I’m a huge fan of Delany’s science fiction (and his fantasy in the Nev√®r√Ņon¬†series), and just reread two of my favorites of his recently,¬†Nova and¬†Empire Star (I was going to continue on to reread¬†Babel-17, which is now included on the flip side of¬†Empire Star, as originally intended, but I seem to have misplaced it in just the last couple days…).¬†Nova¬†was the first book of his I read, and I think it is probably the best to start with–his work can be a bit difficult (which I admit I like–you need to read things that push you to grow in your ability to engage in a nuanced way with a complex world), and¬†Nova is the most accessible I’ve read so far, at the same time that it has far more substance than 99% of the genre fiction out there. It is a short novel, so those used to the monstrous 700 page beasts on the market today may be a bit frustrated with the piddling 200+ of many New Wave era novels, but I really wish short novels like this were more “in” today–let’s have more variety, not less. In these 200+ pages, however, you will find a well-wrought reworking of¬†Moby Dick (-ish… not really a thorough retelling, just a homage to the obsessive-chase motif) through the lens of the Tarot (which Italo Calvino also makes use of, and which allows for an interesting perspective on narrative itself), using the latter along with the character Katin as a way to dwell on novel writing as an art form (and in fact, this is a great meta-novel for those interested in the purported death of the novel, given that Katin is attempting to revive the art centuries after the last novel has been written), and along with all this anticipating the melding of human and machine that will later be explored in cyberpunk. Jo Walton has a great discussion of this old-but-still-so-fresh novel over at Tor.com, where she also gets into many more literary connections in the book which I did not list here. I may return to Nova again¬†one day (it is among the most reread of my collection), but for now I suggest seeing what she has to say!

IMG_2690Babel-17 and¬†Empire Star are also relatively accessible, though I found them somewhat less so than Nova, and somewhat less satisfying–but much easier than his¬†Nev√®r√Ņon stories, so check them out anyway! Where¬†Nova is (in part) a meditation on the role of the novelist,¬†Empire Star is (in part) a meditation on the role of the poet–but also hits on the issues inherent in living in a society built on slavery, which stood out a lot more to me as I reread it about the same time that I was checking out this article.¬†Empire Star can feel a bit like a cheat when you get to the end (don’t want to spoil it though), but in a way the “cheat” is part of the “consciousness novum” of the book (as in simplex, complex, and multiplex consciousness–it is a sort of Bildungsroman of the protagonist’s progress from one to the other), and so fair.¬†Babel-17, with its linguistic novum, was always meant to be paired with the novella¬†Empire Star, though this has only recently been the done. I can’t say I was especially¬†won over in terms of believability with both these stories (well, his -plex terms are actually super helpful for thinking and discussing about complexity of awareness versus intelligence, so I don’t think I really have too much of a complaint there), but I don’t think that is the point so much–it is more about using the tools of science fiction to think in a new way, or see our world from a new angle, putting pressure on things we take for granted in order to make them appear explicitly before us, rather than sitting in the background. And look, how many hard-science nova¬†are really up to snuff from the perspective of actual scientists…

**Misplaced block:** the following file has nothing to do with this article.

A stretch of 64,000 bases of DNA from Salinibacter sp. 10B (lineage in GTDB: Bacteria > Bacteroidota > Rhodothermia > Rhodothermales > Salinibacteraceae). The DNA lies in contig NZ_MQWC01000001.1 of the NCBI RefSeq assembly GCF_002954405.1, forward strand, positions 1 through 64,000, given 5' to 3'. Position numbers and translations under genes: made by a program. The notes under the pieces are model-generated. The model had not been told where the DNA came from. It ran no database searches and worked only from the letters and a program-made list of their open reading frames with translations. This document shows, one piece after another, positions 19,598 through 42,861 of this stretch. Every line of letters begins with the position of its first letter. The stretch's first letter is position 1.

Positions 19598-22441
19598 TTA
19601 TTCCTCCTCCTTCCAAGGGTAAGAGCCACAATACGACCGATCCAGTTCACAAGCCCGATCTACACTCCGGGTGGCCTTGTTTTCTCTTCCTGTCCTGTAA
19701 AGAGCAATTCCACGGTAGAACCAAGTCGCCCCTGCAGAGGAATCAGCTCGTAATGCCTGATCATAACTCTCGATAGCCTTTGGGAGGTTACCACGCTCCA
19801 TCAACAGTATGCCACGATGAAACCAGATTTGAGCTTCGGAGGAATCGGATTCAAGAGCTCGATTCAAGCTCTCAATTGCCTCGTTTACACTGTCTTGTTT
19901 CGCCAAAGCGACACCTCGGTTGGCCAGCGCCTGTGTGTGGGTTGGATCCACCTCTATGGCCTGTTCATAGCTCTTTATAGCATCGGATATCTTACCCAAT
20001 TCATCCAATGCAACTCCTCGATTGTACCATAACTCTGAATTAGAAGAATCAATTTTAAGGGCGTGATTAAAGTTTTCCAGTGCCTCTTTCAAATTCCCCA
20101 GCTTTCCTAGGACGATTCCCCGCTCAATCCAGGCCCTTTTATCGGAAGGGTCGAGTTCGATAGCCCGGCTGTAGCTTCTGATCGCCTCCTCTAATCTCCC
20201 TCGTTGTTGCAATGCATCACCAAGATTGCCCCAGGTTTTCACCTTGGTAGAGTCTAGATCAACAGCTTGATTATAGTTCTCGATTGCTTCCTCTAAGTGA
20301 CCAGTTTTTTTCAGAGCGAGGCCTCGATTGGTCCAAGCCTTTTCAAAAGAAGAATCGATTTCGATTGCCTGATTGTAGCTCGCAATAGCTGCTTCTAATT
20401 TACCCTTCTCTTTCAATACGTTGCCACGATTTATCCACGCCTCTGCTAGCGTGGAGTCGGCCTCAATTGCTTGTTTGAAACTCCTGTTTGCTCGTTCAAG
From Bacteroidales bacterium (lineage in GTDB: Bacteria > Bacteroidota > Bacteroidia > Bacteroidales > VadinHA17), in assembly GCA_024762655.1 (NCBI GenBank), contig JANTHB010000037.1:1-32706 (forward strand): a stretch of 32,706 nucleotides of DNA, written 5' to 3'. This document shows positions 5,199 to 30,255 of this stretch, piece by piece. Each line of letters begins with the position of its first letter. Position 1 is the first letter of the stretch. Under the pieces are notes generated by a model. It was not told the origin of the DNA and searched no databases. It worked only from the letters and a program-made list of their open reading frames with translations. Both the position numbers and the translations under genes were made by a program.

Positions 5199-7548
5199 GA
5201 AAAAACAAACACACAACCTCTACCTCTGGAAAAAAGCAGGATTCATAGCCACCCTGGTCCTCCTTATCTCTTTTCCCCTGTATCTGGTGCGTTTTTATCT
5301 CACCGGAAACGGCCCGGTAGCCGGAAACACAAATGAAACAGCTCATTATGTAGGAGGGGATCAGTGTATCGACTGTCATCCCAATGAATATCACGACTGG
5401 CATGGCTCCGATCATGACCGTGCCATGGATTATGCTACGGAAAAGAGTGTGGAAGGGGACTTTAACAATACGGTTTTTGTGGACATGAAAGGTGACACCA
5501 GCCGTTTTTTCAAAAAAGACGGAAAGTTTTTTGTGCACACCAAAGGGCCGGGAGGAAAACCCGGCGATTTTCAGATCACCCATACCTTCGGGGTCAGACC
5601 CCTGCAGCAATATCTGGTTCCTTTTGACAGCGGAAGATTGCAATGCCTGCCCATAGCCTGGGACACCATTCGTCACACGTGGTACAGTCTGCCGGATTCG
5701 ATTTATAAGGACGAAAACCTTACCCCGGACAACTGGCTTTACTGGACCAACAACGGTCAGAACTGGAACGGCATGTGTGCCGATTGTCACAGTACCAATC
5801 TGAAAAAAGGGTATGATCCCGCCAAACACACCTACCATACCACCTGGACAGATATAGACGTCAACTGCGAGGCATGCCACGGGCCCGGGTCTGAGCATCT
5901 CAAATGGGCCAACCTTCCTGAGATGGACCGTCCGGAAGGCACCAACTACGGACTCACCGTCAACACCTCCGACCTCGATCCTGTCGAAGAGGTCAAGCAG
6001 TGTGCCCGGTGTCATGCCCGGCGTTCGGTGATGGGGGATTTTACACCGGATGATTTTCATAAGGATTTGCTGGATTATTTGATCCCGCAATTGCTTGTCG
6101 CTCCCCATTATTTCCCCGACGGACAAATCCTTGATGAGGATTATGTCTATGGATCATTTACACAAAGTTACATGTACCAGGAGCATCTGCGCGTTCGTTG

I’m afraid I haven’t read Delany’s famous¬†Dhalgren yet, though I hope to get to it (and I have a copy). I did read Triton, which I did not enjoy as much as the others I’ve listed here (it was still really interesting, just didn’t engage me as much), but if you find you enjoy Delany’s style, it is certainly worth checking out. I’ve read the introduction and two of the stories to¬†Tales of¬†Nev√®r√Ņon, one of which basically took a young female protagonist through the theory of deconstruction in a period long before Derrida came along. Oh, and the introduction to the book is written by an academic who is aware that he is a fiction. Gives you a bit of a feel for the book, haha. Gender and sex are common targets of Delany’s deconstructing narratives, and some of his books can get pretty “mature” (in the ratings sense), which I realize can be difficult reading for those not used to that (I’ll include myself in that category, though I’m pretty OK with reading things that make me uncomfortable–maybe not all the time though). Delany is generally a pretty unusual and interesting person, both within and without the science fiction community, so I recommend checking him out! There is an interview with him here, though it doesn’t seem to be opening for me at the moment.

So there you go–easily one of my top picks (maybe my top pick, actually) for intelligent science fiction for people in the humanities. Hoping to get around to reading¬†Stars in my Pocket Like Grains of Sand soon, so maybe I’ll have a post about that up eventually! Though it would be really nice to get back to some of my own writing–finally got a new project underway, and it would be nice to finish off the draft sooner rather than later.